Plague, a rodent-associated, flea-borne zoonosis, is one of the most notorious diseases in history. Rates of plague transmission can increase when fleas are abundant. Fleas commonly desiccate and die when reared under dry conditions in laboratories, suggesting fleas will be suppressed during droughts in the wild, thus reducing the rate at which...Eads, David A.; Biggins, Dean E.; Xu, Lei; Liu, Qiyong
Droughts may increase susceptibility of prairie dogs to fleas: Incongruity with hypothesized mechanisms of plague cycles in rodents
Plague is a reemerging, rodent-associated zoonosis caused by the flea-borne bacterium Yersinia pestis. As a vector-borne disease, rates of plague transmission may increase when fleas are abundant. Fleas are highly susceptible to desiccation under hot-dry conditions; we posited that their densities decline during droughts. We evaluated this...Eads, David A.; Biggins, Dean E.; Long, Dustin H.; Gage, Kenneth L.; Antolin, Michael F.
Factors that affect parasitism of black-tailed prairie dogs by fleas
Fleas (Insecta: Siphonaptera) are hematophagous ectoparasites that feed on vertebrate hosts. Fleas can reduce the fitness of hosts by interfering with immune responses, disrupting adaptive behaviors, and transmitting pathogens. The negative effects of fleas on hosts are usually most pronounced when fleas attain high densities. In lab studies,...Eads, David A.; Hoogland, John L.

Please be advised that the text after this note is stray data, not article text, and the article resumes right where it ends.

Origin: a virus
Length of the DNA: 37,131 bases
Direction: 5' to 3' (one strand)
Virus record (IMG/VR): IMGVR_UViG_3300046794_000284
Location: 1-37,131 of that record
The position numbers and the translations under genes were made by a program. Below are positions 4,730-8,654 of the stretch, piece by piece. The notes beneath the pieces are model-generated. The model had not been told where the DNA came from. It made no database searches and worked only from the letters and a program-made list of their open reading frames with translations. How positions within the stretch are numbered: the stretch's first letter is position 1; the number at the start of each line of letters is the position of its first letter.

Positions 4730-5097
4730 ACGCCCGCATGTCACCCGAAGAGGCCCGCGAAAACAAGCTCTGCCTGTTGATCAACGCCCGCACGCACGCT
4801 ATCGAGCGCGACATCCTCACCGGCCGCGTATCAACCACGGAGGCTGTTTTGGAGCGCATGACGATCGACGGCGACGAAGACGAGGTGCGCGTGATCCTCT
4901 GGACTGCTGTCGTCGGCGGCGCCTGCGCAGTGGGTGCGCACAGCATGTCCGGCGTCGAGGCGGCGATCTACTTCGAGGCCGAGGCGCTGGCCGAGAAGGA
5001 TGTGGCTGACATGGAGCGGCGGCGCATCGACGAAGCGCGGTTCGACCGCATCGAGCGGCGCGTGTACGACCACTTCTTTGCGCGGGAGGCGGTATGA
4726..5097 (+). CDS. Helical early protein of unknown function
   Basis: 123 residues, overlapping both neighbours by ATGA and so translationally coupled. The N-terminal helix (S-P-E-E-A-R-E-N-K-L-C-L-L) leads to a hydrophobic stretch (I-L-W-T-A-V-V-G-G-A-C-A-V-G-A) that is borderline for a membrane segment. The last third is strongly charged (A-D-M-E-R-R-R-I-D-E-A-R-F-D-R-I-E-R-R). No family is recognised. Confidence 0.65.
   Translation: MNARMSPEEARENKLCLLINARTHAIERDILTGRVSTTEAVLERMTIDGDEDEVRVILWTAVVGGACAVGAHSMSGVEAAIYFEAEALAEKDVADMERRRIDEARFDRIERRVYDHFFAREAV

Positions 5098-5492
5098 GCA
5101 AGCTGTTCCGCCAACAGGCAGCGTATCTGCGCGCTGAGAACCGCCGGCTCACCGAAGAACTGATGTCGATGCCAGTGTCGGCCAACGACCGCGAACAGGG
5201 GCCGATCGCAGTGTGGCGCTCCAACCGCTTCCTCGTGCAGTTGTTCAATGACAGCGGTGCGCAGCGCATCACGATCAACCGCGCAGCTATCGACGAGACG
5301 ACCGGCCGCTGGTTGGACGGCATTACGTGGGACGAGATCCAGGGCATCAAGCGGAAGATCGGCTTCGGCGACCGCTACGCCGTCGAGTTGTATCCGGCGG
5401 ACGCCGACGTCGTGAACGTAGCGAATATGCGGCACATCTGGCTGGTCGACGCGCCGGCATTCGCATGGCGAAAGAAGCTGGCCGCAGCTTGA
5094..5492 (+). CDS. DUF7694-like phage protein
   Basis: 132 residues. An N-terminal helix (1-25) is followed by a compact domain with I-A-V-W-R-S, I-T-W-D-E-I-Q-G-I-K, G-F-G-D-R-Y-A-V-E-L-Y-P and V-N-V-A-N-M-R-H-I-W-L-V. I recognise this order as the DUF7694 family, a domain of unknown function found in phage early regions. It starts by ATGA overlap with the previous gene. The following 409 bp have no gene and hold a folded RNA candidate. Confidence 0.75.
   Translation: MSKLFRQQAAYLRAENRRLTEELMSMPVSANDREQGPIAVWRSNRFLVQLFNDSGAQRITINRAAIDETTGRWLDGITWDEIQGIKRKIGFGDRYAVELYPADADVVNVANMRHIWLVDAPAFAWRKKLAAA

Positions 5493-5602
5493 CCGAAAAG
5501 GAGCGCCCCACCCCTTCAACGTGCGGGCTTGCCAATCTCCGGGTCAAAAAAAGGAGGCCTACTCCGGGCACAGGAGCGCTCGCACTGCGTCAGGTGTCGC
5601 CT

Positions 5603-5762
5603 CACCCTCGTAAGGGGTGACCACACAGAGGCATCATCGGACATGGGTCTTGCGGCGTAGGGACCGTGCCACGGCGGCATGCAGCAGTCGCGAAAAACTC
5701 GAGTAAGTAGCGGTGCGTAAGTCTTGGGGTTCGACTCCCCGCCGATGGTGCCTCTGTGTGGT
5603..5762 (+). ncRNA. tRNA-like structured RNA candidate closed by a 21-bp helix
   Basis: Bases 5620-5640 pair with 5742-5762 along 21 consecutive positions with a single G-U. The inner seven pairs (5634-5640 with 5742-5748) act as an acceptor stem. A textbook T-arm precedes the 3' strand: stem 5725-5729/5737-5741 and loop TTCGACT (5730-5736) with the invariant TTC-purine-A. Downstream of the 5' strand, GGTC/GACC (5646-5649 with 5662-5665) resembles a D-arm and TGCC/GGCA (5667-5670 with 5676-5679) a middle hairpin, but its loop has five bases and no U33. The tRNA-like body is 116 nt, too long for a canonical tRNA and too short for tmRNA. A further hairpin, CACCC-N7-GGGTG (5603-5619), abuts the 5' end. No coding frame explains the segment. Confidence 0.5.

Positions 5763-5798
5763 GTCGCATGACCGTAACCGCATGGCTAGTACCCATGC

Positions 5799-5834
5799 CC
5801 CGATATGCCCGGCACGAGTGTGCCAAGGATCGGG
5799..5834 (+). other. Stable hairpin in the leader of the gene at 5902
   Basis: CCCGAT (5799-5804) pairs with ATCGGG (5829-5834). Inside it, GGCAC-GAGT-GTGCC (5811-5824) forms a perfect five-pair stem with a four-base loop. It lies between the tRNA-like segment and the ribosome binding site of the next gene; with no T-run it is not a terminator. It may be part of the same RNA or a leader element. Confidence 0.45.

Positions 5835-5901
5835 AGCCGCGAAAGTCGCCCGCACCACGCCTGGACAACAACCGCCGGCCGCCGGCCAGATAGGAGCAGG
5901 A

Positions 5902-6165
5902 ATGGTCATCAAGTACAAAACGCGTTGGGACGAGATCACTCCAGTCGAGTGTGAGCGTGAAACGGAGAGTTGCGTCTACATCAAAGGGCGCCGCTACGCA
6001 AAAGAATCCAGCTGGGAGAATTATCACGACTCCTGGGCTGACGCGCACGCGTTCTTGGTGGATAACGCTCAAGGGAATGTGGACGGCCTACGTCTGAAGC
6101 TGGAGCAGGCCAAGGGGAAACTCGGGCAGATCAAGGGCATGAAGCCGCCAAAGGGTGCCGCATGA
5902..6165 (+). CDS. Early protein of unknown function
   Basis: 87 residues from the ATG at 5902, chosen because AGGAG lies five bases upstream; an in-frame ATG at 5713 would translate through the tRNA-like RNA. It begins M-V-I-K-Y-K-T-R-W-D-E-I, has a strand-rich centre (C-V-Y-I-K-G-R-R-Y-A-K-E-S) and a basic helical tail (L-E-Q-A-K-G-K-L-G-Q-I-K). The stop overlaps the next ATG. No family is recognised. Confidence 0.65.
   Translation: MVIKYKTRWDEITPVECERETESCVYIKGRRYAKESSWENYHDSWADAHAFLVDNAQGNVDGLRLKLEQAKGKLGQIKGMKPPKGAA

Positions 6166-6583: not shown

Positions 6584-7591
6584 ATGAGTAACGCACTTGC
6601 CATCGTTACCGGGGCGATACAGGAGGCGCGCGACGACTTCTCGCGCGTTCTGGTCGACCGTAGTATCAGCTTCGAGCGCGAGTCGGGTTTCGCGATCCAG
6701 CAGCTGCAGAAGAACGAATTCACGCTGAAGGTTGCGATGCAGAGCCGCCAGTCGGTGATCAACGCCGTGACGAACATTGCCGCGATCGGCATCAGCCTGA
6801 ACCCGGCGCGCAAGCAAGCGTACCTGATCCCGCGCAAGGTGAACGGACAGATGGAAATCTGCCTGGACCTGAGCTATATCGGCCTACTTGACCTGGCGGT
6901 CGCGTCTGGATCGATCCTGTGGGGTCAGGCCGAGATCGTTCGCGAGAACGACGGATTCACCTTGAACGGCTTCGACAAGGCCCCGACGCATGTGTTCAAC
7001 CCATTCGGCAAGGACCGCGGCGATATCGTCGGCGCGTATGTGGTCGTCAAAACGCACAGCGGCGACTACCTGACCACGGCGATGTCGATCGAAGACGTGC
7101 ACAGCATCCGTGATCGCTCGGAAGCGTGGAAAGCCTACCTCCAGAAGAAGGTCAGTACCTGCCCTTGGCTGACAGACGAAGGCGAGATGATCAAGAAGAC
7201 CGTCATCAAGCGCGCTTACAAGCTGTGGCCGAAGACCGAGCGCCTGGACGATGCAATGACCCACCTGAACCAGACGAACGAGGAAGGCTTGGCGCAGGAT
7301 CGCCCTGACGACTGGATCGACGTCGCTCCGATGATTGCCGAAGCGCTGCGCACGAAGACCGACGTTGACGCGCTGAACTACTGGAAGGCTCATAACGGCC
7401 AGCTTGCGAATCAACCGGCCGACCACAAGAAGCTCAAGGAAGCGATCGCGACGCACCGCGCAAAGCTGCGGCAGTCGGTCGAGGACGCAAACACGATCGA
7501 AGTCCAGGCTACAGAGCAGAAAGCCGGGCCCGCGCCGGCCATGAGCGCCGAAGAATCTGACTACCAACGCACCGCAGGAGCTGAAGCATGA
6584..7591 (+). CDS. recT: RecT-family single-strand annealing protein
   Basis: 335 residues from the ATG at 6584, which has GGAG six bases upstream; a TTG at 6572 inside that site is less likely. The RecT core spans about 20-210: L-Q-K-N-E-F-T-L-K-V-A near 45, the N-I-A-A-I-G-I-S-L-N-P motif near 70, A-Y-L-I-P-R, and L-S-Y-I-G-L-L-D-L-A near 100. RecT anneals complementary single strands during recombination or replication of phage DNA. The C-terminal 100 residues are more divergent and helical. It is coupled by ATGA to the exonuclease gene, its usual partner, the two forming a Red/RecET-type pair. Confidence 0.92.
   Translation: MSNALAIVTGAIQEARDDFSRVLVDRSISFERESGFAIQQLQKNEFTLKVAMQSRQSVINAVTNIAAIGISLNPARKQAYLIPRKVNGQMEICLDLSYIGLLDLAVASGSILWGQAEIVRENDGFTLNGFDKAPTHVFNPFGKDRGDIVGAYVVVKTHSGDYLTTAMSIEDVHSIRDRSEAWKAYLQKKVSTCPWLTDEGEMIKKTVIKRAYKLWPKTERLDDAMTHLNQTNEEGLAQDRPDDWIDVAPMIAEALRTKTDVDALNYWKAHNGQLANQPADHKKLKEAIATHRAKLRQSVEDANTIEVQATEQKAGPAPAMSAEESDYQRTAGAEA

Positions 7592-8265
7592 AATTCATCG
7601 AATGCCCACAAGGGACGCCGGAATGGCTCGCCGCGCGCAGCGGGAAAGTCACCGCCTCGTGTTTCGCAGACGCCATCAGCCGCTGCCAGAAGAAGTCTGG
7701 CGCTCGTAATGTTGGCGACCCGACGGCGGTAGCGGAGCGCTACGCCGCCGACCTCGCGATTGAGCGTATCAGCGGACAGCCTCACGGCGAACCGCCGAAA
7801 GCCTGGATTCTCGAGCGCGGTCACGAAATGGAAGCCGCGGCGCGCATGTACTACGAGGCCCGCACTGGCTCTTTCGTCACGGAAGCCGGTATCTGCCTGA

Interactions among American badgers, black-footed ferrets, and prairie dogs in the grasslands of western North America
American badgers (Taxidea taxus) and black-footed ferrets (Mustela nigripes) sometimes occur sympatrically within colonies of prairie dogs (Cynomys spp.) in the grasslands of western North America. From the perspective of a simplified food web, badgers are consumers of ferrets and, to a greater extent, prairie dogs; ferrets are specialized...Proulx, Gilbert; Do Linh San, Emmanuel; Eads, David A.; Biggins, Dean E.; Grassel, Shaun M.; Livieri, Travis M.; Licht, Daniel S.
Plague bacterium as a transformer species in prairie dogs and the grasslands of western North America
Invasive transformer species change the character, condition, form, or nature of ecosystems and deserve considerable attention from conservation scientists. We applied the transformer species concept to the plague bacterium Yersinia pestis in western North America, where the pathogen was introduced around 1900. Y. pestis ...Eads, David A.; Biggins, Dean E.
Using occupancy models to investigate the prevalence of ectoparasitic vectors on hosts: an example with fleas on prairie dogs
Ectoparasites are often difficult to detect in the field. We developed a method that can be used with occupancy models to estimate the prevalence of ectoparasites on hosts, and to investigate factors that influence rates of ectoparasite occupancy while accounting for imperfect detection. We describe the approach using a study of fleas (...Eads, David A.; Biggins, Dean E.; Doherty, Paul F.; Gage, Kenneth L.; Huyvaert, Kathryn P.; Long, Dustin H.; Antolin, Michael F.